“The daughter worked for Massalski, too, I think.”
“Ah, Panna Zofia. If she had land, she would have married already. If she were at home, even as gołota she would have married already, possibly to someone with a little something as she has attainments. No townsman, of course, unless he has already been favoured with brotherhood, but she would not be left rotting on the vine as she is now. The Prince took pity on them for some reason, some connection with Pan Wojciech’s unlucky father, I think, and hired Panna Zofia as companion for his younger daughter, Panna Maria. She died before the Prince went into exile.”
“Was Panna Zofia a companion or a maid?” Feuilly dared ask. “Companion” was what the ladies in the novels and sometimes on the stage had. They spoke well and dressed nicely. A maid, on the other hand, was he sort of work that the ordinary daughter of a farmer without land would be offered, the sort of work that Lydie was patently avoiding.
“A little of both, I should think, in the end. Still, she had all the same lessons - French, music, drawing - and that should have made her a more attractive marriage prospect. Not to a great magnate, no matter how much we are supposed to be equal brothers. But she is pretty, and she has some education, so that even without a dowry, someone with a little land or a little money might want her. But who is going to marry her here, beauty or no?”
“Maybe a Frenchman,” Bahorel said.
The young man laughed. “They may be gołota, but they are still szlachta. Blood is everything.”
Bahorel thanked him, but after the man left, he muttered to Feuilly, “Blood is everything? God help them.”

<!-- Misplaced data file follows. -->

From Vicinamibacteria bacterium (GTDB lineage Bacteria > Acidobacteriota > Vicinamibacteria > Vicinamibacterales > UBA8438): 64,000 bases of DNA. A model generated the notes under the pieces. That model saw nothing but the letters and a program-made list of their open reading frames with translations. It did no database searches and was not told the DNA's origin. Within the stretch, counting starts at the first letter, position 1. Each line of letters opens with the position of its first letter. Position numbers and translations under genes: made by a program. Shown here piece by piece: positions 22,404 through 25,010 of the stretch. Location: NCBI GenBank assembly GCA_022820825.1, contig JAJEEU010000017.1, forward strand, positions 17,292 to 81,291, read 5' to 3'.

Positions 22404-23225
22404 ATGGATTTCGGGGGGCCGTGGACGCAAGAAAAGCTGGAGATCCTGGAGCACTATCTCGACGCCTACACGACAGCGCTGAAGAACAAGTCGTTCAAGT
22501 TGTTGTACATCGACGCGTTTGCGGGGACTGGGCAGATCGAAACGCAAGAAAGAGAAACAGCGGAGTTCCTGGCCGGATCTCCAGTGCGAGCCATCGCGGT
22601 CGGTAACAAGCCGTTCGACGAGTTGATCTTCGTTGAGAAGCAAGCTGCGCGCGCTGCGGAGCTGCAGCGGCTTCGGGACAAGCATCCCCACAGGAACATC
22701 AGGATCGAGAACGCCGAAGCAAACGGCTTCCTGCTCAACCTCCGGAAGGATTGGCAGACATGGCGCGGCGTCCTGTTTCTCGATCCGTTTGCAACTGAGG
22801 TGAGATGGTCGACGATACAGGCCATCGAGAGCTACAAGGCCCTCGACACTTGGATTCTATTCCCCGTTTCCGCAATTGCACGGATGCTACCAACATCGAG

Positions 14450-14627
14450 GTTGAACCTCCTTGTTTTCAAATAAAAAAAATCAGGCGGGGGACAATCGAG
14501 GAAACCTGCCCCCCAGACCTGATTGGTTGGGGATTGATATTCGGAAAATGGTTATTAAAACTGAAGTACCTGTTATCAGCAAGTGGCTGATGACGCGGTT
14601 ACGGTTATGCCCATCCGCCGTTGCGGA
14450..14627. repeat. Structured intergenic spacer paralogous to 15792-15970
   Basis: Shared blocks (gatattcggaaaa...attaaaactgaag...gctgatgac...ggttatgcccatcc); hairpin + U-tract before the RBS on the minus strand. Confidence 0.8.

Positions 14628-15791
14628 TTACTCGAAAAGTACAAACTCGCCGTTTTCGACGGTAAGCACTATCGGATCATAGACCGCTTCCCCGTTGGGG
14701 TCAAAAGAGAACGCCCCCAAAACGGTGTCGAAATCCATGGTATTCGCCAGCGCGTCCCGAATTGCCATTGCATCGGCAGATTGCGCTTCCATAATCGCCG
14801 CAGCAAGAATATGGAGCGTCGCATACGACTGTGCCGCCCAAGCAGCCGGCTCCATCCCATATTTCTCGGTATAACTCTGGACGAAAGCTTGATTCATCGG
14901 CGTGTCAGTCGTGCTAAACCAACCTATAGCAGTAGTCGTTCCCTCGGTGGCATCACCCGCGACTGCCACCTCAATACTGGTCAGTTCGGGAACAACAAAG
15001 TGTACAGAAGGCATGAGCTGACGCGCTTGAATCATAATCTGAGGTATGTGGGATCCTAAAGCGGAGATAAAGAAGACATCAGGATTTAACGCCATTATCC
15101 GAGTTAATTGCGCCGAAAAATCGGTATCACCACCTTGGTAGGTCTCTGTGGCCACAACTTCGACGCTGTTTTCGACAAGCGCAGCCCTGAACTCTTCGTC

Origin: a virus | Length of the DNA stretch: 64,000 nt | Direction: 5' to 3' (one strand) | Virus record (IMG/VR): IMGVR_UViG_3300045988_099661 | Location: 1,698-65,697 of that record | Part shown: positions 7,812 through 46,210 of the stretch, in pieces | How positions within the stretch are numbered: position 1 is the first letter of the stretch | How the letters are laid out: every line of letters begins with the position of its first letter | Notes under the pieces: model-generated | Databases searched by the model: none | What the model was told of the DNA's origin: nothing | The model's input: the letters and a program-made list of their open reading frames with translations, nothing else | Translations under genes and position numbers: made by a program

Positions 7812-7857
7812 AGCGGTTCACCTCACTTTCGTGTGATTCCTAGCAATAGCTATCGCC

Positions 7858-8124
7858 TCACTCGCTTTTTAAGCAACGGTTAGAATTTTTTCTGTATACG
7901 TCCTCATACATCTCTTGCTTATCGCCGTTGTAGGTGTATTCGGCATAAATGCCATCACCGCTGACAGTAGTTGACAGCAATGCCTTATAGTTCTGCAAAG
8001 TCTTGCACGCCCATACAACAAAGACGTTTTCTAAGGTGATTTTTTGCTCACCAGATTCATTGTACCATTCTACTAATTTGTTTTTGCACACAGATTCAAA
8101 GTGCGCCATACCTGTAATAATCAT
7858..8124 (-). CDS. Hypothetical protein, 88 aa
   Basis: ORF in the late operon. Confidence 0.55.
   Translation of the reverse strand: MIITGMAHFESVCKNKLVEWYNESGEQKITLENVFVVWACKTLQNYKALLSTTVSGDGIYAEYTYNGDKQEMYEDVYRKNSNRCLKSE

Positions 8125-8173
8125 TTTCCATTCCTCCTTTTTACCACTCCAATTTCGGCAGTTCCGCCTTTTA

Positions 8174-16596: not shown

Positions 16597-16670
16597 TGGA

“Do you mean that?”
“Of course I do. Kalinowski fits M. Albert better than some of their other associates. Some are thorough-going liberals. Kalinowski thinks himself a great liberal for not demanding to be called ‘His Grace’. Massalski attracts all kinds, some sort of penance for his father’s mistakes. Which is why it’s hard to tell just how serious he is. Everyone gets money, liberal or conservative, so long as they speak of a united Poland. I prefer the liberals, though there are so few of them here. Understandably, as it is M. Albert’s party”
Sophie finally appeared with her tray of pączki. “There you go, Monsieur,” Feuilly pointed her out. “Her ladyship who says we cannot fall in love because I haven’t the blood.”
“Oh, damn,” Bahorel approved. She did look very pretty, her cheeks flushed from the stove, her eyes shining with festivity now that the bitter, isolating work was done for the moment. “No wonder you’re gone. Do you think M. Albert will let me sit at his feet to stare at his daughter?”
“She won’t marry a Frenchman.”
“Then I won’t marry her.”